Mark Byrnes is a former senior associate editor at CityLab who writes about design and architecture.
Architect Paul Rudolph had an ambitious plan for Buffalo's waterfront, but it was only ever partly realized. Today, proof of it is beginning to disappear.
John Schmidt likes his apartment. The 57-year-old moved into Shoreline, an affordable housing complex in downtown Buffalo, New York, seven years ago after suffering a severe heart attack.
“I can look out over the Niagara River and see Canada and Lake Erie,” Schmidt says over the phone from his 6th floor unit. “The trees in this part of the complex are still standing and they’re lovely. And there’s a spot right down there that some of the families use for big outdoor picnics and birthday parties and where the kids can go and play.”
“For me,” Schmidt adds, “it’s perfect.”
Shoreline debuted in 1974, a barely realized vision for Buffalo’s waterfront dreamt up by the architect Paul Rudolph. Today, age and poor management are catching up to a complex that was arguably doomed from the start.
Demolition crews began work on five buildings containing 137 apartments at Shoreline last month. (There were 426 at Shoreline prior to demolition, 89 of which had been offline for a decade.) Norstar Development, owners of the complex since 2005, have a $14 million plan to construct eight new buildings with 48 apartments in its place. Once additional funds are secured, they hope to demolish more along Niagara street, building new units in phases.
The removal of these brutalist apartments looks to some as a chance to correct an old mistake—one many local preservationists argue scarred the neighborhood irreparably. But to some who actually live there, including Schmidt, it’s the landlord that keeps failing them.
“It’s a constantly deteriorating situation and a lose-lose situation for us,” says Schmidt. “Even if we manage to stop the demolition we’ll still have to deal with Norstar constantly causing things to go to hell.”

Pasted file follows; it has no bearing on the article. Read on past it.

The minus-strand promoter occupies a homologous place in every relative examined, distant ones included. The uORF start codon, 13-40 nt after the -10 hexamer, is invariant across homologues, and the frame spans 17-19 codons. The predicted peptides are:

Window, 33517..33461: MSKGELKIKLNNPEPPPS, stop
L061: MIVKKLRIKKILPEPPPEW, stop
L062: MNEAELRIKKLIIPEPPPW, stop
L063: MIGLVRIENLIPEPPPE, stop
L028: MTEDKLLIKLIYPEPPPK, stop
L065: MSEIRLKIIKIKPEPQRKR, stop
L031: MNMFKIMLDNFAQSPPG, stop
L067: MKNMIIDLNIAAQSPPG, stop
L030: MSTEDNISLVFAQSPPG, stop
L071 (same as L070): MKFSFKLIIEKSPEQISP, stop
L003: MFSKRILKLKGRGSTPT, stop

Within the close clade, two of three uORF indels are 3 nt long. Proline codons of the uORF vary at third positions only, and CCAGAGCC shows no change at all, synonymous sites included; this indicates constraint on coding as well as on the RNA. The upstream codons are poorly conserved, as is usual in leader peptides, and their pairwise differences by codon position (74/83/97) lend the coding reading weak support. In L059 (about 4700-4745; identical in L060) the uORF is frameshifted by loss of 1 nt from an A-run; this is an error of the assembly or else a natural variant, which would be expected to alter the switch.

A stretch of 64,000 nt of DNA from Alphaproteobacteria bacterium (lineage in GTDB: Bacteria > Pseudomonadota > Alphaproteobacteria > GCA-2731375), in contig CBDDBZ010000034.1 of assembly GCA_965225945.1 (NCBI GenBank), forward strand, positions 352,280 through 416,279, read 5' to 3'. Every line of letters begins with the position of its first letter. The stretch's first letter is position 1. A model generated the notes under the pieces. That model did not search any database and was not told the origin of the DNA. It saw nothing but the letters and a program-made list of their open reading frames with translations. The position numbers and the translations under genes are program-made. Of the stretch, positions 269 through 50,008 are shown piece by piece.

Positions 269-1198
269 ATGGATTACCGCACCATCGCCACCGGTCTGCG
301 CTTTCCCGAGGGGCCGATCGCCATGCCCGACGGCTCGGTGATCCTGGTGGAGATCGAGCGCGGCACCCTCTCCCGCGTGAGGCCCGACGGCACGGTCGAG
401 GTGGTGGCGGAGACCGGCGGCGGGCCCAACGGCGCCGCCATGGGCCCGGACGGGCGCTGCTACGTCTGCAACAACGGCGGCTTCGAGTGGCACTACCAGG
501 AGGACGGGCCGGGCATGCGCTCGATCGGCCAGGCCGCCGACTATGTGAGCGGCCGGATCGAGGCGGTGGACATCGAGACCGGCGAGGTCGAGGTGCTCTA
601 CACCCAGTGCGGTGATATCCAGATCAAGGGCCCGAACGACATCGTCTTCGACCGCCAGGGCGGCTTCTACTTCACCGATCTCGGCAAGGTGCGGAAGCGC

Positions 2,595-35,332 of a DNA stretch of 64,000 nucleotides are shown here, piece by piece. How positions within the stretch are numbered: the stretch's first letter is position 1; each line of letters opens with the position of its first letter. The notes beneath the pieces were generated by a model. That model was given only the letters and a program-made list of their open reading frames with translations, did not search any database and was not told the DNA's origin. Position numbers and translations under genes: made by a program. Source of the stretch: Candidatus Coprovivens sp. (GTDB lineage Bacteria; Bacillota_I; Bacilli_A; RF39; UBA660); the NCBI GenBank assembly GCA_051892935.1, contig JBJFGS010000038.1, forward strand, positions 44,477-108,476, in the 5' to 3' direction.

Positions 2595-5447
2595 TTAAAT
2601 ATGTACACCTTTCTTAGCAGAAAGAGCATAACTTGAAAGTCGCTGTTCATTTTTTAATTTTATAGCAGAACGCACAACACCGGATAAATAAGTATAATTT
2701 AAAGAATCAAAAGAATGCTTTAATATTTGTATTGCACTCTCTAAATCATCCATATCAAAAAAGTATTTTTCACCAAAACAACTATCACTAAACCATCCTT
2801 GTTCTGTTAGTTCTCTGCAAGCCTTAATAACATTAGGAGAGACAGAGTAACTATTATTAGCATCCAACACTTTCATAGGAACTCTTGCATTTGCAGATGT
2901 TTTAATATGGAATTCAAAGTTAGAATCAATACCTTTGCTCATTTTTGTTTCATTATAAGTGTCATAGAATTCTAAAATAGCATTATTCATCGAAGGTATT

On the grounds of where Shoreline stands today was once a dense, mixed-use neighborhood. Hundreds of acres in the city’s lower west side, just blocks from City Hall, were wiped out as part of a massive slum-clearance initiative in the 1950s. Nearly 300 acres and 1,000 buildings in the neighborhood were designated by the city for demolition. By 1970, it was all gone. Given a blank slate by the newly formed New York State Urban Development Corporation, Rudolph took on the challenge of rebuilding much of it from scratch.
It was the UDC’s largest project outside of New York City. Awarded to Rudolph in 1969, his plan included mixed market-rate and affordable housing, a school, a sprawling community center, and public space. It was an ambitious plan to be built out in four phases. By the the end of the ‘70s, Buffalo was to have a shockingly modern neighborhood in place of the old one it had erased.
The plan was exciting enough to be featured in a 1970 MoMA exhibit, Work In Progress. “In his current plan for high-rise housing on the Buffalo Waterfront,” wrote Arthur Drexler, then-MoMA Director of Architecture and Design, in a press release, “variety is achieved not by the arrangement of mass produced units but rather by the development of large building forms in a total configuration related to the natural landscape.” Drexler concludes, “the result is not 'organic' in the sense of imitating natural forms, and yet the buildings seem to combine into a mountain range."
Only the affordable housing and a school were built. The UDC, which first came into existence to build publicly funded housing, quickly fell into financial trouble. By the mid-’70s, the UDC had turned away from its housing mission, leaving the Buffalo waterfront unfinished.
Not building the final two phases left Rudolph’s vision severely compromised. Yet, to this day, Shoreline still demonstrates something that the architect wanted to achieve. “It is not a masterpiece like his Yale School of Architecture,” preservation architect Barbara Campagna tells CityLab, “but it is a very good example of using high design with low cost to create a neighborhood public housing complex. It is an innovative approach of using European villages as the precedent, taking low-income housing beyond the Corbusian block.”
“Rudolph had a very romantic vision of what these apartments would be like,” Campagna adds. “The idea was that they would reflect Italian and European mountain towns that you might see around the Mediterranean. The landscape would be weaving through everything, but what has happened with almost all of these low-income housing developments from the ‘50s, ‘60s, and ‘70s, is that nothing ever happened with the landscape.”